Passivhaus building design concept brought to midcoast
by: Paul Kando
A thousand building scientists, researchers and practitioners from forty-three countries gathered at Innsbruck University in Innsbruck, Austria over the weekend of May 27 for the 15th International Passivhaus Conference. Ours was an intensive exchange of ideas and techniques on how the Passivhaus design approach can be adapted to buildings in various climates and how local building traditions and techniques can be integrated with it.
In such a limited space it is not possible to do justice to the over one hundred presentations and nearly as many special product exhibits and site visits we were treated to over the past three days. So let me instead briefly describe what the Passivhaus design concept is and how it's adoption can benefit us here in Maine.
Passivhaus ("passive house") is a building design standard developed gradually over time, beginning in the 1970s, by two scientists: Dr. Bo Adamsson, a Swede, and Dr. Wolfgang Feist, a German. Feist currently heads both the Passivhaus Institute in Darmstadt, Germany and the Department of Building Science he founded at Innsbruck University.
The passivhaus concept is based on building physics and heat transfer calculations facilitated by a computer-based design tool called the Passivhaus Design Package (PHPP). The goal is to create a building that delivers maximum comfort and energy efficiency without relying on the active participation of the occupants -- a building that will function efficiently regardless of the habits of its inhabitants, hence the "passive" label.
Viewed from the outside, Passivhaus buildings are no different from other buildings. The term describes a minimum performance standard a building has to meet, rather than a specific method of construction. The standard applies not only to houses but to any building, regardless of size or the climate in which it is located.
The heart of the standard is simplicity itself: The building must not use more than 15 kilowatt-hours (kWh) of energy for heating or cooling per square meter of floor space per year; It must not use more than 120 kWh/sq. meter per year of total energy for all purposes; and it must not have more than 0.6 air changes per hour at a measured indoor-outdoor pressure difference of 50 Pascals. These are calculable values. In practice many Passivhaus structures outperform these requirements.
The devil is in the details. Passivhaus buildings rely on exceptionally high levels of thermal insulation, well insulated, thermal-bridge-free window frames with triple low-e glazing, thermal bridge-free construction throughout, an air-tight building envelope, and comfort ventilation with highly efficient heat recovery. The result is a house or building that uses no more than 10 percent of the heating energy required by an ordinary building of comparable size.
The average Maine house currently burns 850 gallons of oil per year, so it's Passivhaus equivalent will burn only 85 gallons -- translating to a heating bill (at a cost of $3.70 per gallon of heating oil) of $315 instead of $3,145.
Over 32,000 such structures have been built worldwide, so there is no valid "can't be done here" argument against the Passivhaus standard.
But isn't there a prohibitive extra cost involved? Passivhaus construction in the United States currently costs about 10-15 percent more than conventional building, principally because some of the components (notably the windows) are difficult and expensive to come by.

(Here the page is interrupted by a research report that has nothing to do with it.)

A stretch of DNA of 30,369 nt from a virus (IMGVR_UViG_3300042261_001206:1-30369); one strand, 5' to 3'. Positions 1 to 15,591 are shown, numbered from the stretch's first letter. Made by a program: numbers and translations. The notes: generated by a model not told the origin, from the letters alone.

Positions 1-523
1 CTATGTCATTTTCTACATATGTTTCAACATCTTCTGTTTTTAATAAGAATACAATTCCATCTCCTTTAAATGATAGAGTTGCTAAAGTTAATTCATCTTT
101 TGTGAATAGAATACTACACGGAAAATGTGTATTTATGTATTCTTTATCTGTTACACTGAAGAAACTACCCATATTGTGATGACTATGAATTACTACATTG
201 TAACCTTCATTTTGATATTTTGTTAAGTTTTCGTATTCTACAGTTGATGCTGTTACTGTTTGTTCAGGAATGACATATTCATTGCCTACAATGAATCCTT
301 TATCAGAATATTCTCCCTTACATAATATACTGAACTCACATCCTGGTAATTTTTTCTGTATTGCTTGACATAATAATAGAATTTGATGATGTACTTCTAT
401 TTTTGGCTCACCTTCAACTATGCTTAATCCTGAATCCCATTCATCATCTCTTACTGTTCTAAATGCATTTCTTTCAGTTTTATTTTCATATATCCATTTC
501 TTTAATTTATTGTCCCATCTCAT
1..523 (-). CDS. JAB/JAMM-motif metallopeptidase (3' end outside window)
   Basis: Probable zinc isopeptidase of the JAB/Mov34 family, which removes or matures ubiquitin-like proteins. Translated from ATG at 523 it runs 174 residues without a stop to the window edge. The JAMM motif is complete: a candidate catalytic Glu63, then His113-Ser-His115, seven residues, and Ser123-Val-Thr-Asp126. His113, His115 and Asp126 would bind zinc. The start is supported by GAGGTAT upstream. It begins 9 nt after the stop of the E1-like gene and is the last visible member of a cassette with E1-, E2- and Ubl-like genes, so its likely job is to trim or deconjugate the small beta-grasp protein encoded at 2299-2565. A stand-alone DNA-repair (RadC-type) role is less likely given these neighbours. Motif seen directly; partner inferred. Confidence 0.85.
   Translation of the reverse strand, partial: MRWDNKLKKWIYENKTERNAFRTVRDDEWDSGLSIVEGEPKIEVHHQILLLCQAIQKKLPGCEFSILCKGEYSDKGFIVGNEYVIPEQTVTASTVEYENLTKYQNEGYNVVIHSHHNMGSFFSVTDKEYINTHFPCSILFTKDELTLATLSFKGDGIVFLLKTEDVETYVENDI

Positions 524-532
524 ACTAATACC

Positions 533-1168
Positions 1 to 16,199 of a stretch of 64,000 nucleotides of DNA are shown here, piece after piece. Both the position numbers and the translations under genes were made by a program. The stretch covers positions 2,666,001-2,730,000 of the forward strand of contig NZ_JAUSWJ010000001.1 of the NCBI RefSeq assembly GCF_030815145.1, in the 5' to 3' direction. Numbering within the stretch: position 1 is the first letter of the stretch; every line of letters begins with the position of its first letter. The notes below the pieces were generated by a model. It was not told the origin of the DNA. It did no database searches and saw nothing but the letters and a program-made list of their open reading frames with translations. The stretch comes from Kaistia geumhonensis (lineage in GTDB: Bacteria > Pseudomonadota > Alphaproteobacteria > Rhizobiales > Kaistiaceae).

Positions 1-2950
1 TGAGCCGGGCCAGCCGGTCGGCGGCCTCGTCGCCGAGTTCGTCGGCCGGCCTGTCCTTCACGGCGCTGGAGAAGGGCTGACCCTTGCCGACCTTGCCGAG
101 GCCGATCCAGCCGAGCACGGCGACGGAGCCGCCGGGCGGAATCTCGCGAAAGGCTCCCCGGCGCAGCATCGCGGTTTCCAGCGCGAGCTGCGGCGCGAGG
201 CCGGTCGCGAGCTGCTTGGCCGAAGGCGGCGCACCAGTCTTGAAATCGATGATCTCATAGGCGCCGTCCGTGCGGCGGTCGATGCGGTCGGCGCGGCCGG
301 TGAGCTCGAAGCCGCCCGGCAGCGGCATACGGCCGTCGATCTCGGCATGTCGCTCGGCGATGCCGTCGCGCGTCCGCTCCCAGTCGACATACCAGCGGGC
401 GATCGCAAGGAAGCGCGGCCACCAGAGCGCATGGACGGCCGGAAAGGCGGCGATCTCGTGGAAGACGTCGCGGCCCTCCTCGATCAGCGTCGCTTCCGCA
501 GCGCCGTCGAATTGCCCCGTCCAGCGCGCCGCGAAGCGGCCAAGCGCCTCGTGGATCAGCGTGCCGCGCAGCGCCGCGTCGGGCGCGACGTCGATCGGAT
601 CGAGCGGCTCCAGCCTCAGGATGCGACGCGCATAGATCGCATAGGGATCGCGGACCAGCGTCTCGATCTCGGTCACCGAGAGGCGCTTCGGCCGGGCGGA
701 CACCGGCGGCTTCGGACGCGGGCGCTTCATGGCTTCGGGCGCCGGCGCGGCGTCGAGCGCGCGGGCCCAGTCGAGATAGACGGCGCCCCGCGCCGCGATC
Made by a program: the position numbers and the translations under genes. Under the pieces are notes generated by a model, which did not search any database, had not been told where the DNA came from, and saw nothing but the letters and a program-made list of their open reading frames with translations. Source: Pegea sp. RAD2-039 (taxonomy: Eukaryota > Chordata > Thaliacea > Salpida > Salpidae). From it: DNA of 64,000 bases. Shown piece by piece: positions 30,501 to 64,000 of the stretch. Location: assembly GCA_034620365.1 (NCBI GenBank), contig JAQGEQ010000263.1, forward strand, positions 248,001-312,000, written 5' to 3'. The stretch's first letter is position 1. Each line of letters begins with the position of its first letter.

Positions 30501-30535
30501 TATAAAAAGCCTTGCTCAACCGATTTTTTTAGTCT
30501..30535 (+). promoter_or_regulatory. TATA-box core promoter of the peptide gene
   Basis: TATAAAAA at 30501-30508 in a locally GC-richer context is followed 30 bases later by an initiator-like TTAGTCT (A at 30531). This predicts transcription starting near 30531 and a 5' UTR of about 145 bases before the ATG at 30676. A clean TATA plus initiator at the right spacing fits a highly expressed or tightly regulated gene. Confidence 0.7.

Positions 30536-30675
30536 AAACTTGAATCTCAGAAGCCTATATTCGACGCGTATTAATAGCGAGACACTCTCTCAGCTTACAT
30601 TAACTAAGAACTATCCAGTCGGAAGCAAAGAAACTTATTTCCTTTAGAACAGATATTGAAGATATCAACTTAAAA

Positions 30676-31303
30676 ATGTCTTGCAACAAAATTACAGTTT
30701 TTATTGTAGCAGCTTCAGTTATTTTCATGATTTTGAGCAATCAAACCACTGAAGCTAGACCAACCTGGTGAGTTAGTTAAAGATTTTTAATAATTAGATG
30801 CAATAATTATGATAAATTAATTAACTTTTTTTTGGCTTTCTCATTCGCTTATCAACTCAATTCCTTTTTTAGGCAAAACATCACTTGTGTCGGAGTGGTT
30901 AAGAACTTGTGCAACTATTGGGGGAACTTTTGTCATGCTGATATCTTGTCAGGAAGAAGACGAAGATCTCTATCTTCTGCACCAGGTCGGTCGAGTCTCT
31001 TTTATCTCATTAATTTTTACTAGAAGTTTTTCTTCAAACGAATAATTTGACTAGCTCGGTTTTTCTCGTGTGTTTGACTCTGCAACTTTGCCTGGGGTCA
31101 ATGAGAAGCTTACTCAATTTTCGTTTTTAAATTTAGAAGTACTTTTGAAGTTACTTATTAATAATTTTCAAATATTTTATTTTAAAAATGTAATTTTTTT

On the other hand, a Passivhaus home in Maine will not require a conventional heating system. Given this saving and the over 90 percent reduction in heating costs, the extra up-front cost is quickly amortized from savings on energy bills. The result is that the occupants of a similar conventional house will end up paying $50,000 to 60-000 more over the term of a mortgage.
What about our existing houses? Can they be cost-effectively upgraded to Passivhaus performance? This question has been the subject of our research at the Damariscotta-based Midcoast Green Collaborative. It began when my colleague Topher Belknap and I decided to offer energy audits to area homeowners and found that all the available computer software fell short of our expectations.
So Topher wrote a brand new energy audit software which incorporates features of the PHPP. This enables us, unlike other home energy auditors, to evaluate each house we audit in terms of passivhaus design principles and provide energy-upgrade recommendations consistent with passivhaus design.
Having conducted over 200 home energy audits, we have built a large database about area houses, including records of specific recommendations given in each of our energy audit reports. These records are, of course, confidential and implementing those recommendations is up to the owners of those homes. However, assuming that the recommendations are implemented, our research shows that the energy consumption of typical houses we have audited - many of them 19th century structures - can be reduced by 50 to 80 percent without major renovation. This is often accomplished through simple home repair well within the competence of the average homeowner, performed at the home owner's leisure.
The typical old Maine farm house may never fully meet the performance requirements of a new passive house at a reasonable cost, but it can come close enough for us to have reported on it for the benefit of the worldwide building science colleagues here in this stunningly beautiful city, cradled by the still snow-capped Tyrolean Alps.